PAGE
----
Also, be sure to put up-to-date ID tags on her, just in case she does escape.
Inside The Carrier
Just before you’re ready to leave, put your cat in the carrier. While you’re traveling, do not let your cat out. A loose and uncontrollable cat while driving, could lead to an unfortunate accident. If your cat is giving you signs that she is uncomfortable, remain calm and wait until you reach your destination.
When you get to your new home, wait until you can prepare a room to put your cat in before you release her. Once you’ve prepared a room with food, water, toys and familiar items of comfort, you can release your cat into that room. It helps to diffuse the room with calming synthetic pheromones and spread treats around, so as to properly get them acclimated to the room.
When The Move Is Over
Now that the hard part is done, you can now take the time to get your cat used to the new environment.
Let Your Cat Show You
Your cat’s stress level will dictate how fast or slow you need to introduce her to her new home. If she is very stressed, then it may be too overwhelming to let her explore the house right away. Especially when they have to relearn a new litter box area.
Consider setting up a central location, to where your cat can return—a home base. Make sure it has a lot of comfort items, food, water and a litter box. Be sure to spend a fair amount of time in the room, nurturing and playing with her.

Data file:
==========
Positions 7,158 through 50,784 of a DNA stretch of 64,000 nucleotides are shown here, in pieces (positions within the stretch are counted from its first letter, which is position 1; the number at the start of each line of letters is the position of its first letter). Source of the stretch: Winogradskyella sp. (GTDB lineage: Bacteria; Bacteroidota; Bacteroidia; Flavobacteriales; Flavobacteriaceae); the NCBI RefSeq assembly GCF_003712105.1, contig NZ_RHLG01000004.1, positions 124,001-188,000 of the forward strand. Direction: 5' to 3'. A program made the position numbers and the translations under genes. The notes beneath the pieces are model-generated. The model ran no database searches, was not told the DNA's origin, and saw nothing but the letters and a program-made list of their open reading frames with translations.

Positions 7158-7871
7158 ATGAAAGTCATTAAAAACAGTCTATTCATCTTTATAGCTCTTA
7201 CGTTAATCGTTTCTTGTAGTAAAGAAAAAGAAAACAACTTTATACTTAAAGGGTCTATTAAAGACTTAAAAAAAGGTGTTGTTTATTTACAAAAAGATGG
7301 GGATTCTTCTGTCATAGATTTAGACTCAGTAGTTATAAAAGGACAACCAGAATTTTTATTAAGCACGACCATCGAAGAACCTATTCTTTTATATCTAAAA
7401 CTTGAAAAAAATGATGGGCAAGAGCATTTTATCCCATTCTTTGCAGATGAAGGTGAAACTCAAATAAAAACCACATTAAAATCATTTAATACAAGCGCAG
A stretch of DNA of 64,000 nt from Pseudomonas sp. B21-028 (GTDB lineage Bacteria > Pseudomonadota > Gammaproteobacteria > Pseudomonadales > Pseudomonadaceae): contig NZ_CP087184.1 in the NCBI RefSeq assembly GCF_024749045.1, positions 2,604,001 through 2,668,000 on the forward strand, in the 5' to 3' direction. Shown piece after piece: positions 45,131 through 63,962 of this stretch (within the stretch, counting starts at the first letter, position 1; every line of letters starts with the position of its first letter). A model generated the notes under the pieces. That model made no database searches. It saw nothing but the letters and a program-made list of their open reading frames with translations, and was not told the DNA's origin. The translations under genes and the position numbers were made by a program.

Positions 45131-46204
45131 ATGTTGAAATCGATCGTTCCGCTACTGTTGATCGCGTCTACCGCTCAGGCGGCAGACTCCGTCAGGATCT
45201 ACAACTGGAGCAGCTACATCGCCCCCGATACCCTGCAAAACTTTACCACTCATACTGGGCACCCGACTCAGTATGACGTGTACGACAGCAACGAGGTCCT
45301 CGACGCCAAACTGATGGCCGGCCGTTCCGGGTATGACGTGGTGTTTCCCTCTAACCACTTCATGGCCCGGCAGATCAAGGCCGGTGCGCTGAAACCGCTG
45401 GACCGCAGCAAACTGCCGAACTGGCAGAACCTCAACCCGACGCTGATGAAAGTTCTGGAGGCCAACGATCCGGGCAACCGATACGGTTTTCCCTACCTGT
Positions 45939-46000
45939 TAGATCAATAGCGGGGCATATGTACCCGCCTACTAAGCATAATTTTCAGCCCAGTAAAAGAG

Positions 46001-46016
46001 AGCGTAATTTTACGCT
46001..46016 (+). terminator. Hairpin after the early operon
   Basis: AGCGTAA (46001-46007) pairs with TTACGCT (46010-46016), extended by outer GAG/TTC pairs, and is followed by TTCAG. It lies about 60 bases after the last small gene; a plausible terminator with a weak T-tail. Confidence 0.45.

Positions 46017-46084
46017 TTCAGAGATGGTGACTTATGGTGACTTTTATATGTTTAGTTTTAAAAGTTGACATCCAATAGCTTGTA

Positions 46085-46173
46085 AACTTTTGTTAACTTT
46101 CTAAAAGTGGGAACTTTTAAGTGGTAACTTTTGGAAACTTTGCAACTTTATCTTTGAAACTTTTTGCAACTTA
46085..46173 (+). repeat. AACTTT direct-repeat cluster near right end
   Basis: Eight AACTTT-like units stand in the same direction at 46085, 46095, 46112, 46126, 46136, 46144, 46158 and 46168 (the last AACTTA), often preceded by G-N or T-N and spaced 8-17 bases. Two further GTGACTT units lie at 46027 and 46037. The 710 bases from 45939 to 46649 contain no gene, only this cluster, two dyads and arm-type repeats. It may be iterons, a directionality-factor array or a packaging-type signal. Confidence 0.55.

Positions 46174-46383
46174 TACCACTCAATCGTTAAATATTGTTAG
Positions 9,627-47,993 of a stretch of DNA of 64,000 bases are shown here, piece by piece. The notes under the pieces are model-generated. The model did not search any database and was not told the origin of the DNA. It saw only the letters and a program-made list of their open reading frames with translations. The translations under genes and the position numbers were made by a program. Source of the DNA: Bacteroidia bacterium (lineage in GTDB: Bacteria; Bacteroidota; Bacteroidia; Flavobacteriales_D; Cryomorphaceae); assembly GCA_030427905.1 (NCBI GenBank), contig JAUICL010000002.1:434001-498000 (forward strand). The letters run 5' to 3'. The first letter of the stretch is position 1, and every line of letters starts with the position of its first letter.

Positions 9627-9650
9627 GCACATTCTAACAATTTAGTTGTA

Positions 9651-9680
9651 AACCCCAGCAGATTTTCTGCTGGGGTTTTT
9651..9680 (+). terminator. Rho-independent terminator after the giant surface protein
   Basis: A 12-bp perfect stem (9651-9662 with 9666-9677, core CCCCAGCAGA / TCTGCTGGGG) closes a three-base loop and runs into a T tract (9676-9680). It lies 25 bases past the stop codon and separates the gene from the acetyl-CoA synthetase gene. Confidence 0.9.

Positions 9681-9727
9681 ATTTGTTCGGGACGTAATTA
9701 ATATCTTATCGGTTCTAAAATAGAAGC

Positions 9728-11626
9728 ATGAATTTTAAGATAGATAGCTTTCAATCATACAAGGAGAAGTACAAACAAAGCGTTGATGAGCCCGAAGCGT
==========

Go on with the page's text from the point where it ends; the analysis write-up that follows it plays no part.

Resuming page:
When your cat becomes comfortable, she should slowly expand out and investigate the rest of the house on her terms.
Clean Really Well
Cats have a really strong sense of smell and can pick-up on the scent of previous animals or owners. If the previous occupants created a stressful environment for themselves and there pet(s), then your cat will be able to pick up on it. The lingering scent that’s left behind, can potentially compound with your cat’s scent—which can cause anxiety issues.
To minimize this, try to clean the home really well. Shampoo the rugs, carpets and vacuum as much pet hair as you can find. Wipe down all the surfaces and try to eliminate any lingering smells.
To learn how to clean cat spray, click here.
Set Up The New Litter Box Area
When your cat feels comfortable enough to check out the rest of the house, you’ll probably want to establish a preferred litter box area. When you do, keep the home base litter box option available, as you’re training your cat to recognize the new litter box option. Make them both accessible for several weeks, then remove the initial home base litter box. This will leave the preferred litter box available for your cat to use.
In conclusion, if several weeks have gone by and your cat is still showing signs of stress, consult a qualified veterinarian to help you find a way to get your cat adjusted. Also, during this time, it’s ideal to be very present and nurturing. Be sure to maintain the routine you kept in the previous home and try to create a similar environment with plenty of cat amenities—cat trees, perches, hiding places, catnip, pheromones, etc. As long as you can communicate to your cat that the new environment is a safe place, then moving with your cat should be a smooth experience. Thanks for reading “Tips For Moving With A Cat.”